The Yellow Star-Thistle is an invasive species in Texas with a yellow flower and nasty spines. It can grow up to five feet high and does well in areas with dry summers. It’s difficult to remove because of its long tap root.
The Yellow Star-Thistle seeds do not spread with the wind and this means new plants will usually sprout just a few feet away from the parent plant. Traveling animals or people working on roadsides help to accidentally spread the thistle and give its seeds a chance to invade new ecosystems sooner than it naturally could.
For the Yellow Star-Thistle, I was fascinated to learn from the Texas Invasives plant database that six biological control insects have been released in the United States to attack the seedhead of the thistle.
Just a few years ago, Dr. Damon Waitt predicted that the Yellow Star-Thistle would be the next big invasive species to threaten Texas rangelands. (Dr. Waitt is the Senior Director and Botanist at the Lady Bird Johnson Wildflower Center.)
Whether by mowing, hand pulling, insects, or other means, any way that we can reduce the number of seeds that the invasive thistle can produce will help us limit its spread and give us a chance to keep our native ecosystems safe or reclaim areas that have been invaded.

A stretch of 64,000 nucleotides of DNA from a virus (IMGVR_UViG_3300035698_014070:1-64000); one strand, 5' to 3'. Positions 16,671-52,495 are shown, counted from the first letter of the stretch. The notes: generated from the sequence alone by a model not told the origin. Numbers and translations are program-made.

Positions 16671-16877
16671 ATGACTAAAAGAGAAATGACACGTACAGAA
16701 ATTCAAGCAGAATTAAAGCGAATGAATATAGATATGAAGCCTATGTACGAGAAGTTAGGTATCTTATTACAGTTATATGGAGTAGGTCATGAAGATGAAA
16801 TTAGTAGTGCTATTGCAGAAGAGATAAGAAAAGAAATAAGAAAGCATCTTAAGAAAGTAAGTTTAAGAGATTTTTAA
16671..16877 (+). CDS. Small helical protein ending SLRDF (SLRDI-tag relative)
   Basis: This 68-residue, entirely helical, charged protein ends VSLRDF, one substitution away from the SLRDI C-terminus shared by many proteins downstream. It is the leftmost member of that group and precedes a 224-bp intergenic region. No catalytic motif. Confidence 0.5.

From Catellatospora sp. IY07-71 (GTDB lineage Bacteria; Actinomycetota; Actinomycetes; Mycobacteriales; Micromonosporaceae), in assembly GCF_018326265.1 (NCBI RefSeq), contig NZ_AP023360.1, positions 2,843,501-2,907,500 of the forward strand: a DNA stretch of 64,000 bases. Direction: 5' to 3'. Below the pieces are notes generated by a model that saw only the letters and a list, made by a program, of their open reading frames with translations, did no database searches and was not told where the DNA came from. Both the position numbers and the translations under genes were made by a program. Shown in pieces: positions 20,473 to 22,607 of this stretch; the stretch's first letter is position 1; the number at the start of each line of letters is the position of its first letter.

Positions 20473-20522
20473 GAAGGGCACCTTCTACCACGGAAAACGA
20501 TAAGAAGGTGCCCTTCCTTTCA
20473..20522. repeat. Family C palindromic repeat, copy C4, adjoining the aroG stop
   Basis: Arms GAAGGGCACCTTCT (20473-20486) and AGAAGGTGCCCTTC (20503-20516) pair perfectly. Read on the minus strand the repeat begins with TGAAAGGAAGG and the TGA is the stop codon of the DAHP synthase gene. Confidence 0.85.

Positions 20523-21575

Give the thistle the business on the City of Austin’s wildlands
There’s a chance for you to help rid our native ecosystem of invasive species by removing the star thistle from lands that are used for water quality and recharge with the City of Austin’s Wildland Conservation Division.
Dr. Kevin Thuesen mentioned that the Malta Star-Thistle and King Ranch Bluestem (KR Bluestem) invasive species have been invading Austin’s water quality lands near Onion Creek. (Dr. Thuesen is the Environmental Conservation Program Manager for the Water Quality Protection Land program that is part of the Austin Water Utility.)
The Wildland Conservation Division is also looking for volunteers for other activities on their water quality protection lands. Water that seeps through karst features (big and small cracks and caves under the surface) and from Onion Creek on these lands makes its way to the Barton Springs Aquifer. So helping to maintain the natural ecosystem of this land is important to water quality.
In addition to invasive species removal, here are some of the other upcoming volunteer events in April:
- 4/4 – Star thistle invasive species removal at Reicher Ranch
- 4/11, 4/12, 4/14, 4/15 – Recreation survey to understand trail use
- 4/11 – Seeding the Water Quality Protection Lands after a prescribed burn
- 4/19/, 4/26 Land stewardship to restore endangered species habitat at the Vireo Preserve
I enjoyed the time that I volunteered with Austin’s Wildland Conservation Division. Here are a few of my posts with my past adventures on the Balcones Canyonlands Preserve (BCP) that are part of the City of Austin’s wildlands.
- Adventures with Austin’s Invasive Species Corps
- Insurgent Chinese Privet Attempts Invasive Species Comeback
- Top 5 Invasive Plants Sneaking into the Balcones Canyonlands Preserve
- Titanic Struggle with Chinese Privet Ends with their Doom